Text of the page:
We were asked this question by a reader and consider it an important thing for adjusters and risk managers to consider. In our view, Illinois has three ‘types’ of total and permanent (T&P) disability awards.
In short, there are
1. T&P’s that are in the category our courts called “odd-lot” where a worker is able to magically prove their disability blocked them from locating work within their restrictions or disability. We call this “lazy-lot” T&P’s because there is no question that, in our view, some of such claimants get the award because they do a great job of “unfinding” work, like claimants seeking unemployment benefits who supposedly can’t find jobs for as long as four years. In our view, such persons aren’t actually trying and U.S. benefit systems like workers’ compensation and unemployment systems reward it. This T&P category would also include state, county and municipal employees who could be returned to government jobs in different agencies but the governments don’t or won’t rehire them, claiming work or union rules block rehiring.
2. T&P’s where all the doctors say claimant will never be able to work again in any job. For one example, a worker with a severe closed head trauma who has difficulty walking, speaking, eating would fit into this category.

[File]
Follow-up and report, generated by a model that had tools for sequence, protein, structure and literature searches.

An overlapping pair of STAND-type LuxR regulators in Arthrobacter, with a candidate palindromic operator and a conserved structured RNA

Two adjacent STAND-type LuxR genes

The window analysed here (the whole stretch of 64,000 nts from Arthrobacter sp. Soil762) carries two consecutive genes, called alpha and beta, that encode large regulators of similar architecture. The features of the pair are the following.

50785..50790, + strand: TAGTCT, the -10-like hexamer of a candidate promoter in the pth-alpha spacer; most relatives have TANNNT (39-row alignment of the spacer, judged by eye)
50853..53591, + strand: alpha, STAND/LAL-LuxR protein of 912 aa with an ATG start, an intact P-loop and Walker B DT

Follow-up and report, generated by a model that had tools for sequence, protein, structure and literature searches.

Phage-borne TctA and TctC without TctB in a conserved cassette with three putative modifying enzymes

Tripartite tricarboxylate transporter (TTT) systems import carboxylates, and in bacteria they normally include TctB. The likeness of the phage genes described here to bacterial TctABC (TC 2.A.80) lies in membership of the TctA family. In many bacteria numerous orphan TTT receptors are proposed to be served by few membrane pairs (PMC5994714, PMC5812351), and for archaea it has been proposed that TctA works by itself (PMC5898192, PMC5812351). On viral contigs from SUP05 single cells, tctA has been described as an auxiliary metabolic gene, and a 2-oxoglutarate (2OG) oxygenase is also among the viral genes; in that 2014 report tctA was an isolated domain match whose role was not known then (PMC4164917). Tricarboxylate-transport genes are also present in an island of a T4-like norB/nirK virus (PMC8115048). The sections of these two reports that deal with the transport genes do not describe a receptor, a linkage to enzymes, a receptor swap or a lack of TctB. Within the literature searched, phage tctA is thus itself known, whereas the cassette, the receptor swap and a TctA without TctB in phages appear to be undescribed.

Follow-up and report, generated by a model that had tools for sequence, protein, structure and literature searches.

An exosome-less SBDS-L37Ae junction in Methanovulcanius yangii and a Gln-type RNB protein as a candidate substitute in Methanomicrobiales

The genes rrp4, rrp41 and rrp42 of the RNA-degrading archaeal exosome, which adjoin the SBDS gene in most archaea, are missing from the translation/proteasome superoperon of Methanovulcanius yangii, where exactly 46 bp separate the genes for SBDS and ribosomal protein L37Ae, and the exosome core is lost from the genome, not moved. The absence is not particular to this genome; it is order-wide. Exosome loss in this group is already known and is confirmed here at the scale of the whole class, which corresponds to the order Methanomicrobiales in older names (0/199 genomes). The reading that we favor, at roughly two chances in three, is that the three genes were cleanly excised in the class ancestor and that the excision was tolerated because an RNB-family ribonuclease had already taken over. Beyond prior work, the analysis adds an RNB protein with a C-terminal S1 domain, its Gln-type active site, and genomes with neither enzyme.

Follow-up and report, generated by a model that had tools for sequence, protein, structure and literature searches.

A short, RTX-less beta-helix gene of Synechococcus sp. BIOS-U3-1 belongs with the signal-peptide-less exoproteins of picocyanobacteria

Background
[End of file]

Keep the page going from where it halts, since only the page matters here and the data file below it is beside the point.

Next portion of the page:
3. T&P awards called statutory T&P’s—without meaning to be insensitive, this award requires the injured worker to have been paralyzed, blinded or lose several major body parts. Such workers can work after suffering such catastrophic losses and our liberal courts won’t allow their benefits to be cut. If someone is blinded or loses an arm and a leg, it is hard to fight about cutting lifetime benefits if they return to work.
Claims involving T&P from numbers 1-2 above can and should be at least annually reviewed. An insurance carrier/TPA that doesn’t annually audit the status of such claims at least annually may continue to issue T&P benefits to a “dead person” and such weekly checks may start to be cashed.
Please note the categories above aren’t as clearly outlined in our IL WC Act. In fact, the words “odd-lot” total and permanent disability don’t appear anywhere in the Act—in our view, it was judicial legislation to create the concept. More conservative judicial rulings could end this clunky concept in a single bound and Illinois’ injured workers would adjust.
To answer the question about what an employer can do to monitor ongoing payment of T&P benefits in situations we number 1-2 above, you can get an IME on what we feel should be an annual basis. If the injured claimant doesn’t attend the IME, you can move to suspend continued payment of T&P weekly benefits. In King v. Illinois Industrial Commission, the employer filed a motion to suspend the claimant's PTD benefits pursuant to section 12 of the Act, arguing compensation should be suspended because the claimant refused to comply with a section 12 request for a medical examination. After a hearing, the Commission denied the motion, but ruled Section 12 gave the employer the right to a medical exam and ordered the claimant to submit to such an exam. The circuit court confirmed the decision of the Commission and the reviewing courts agreed.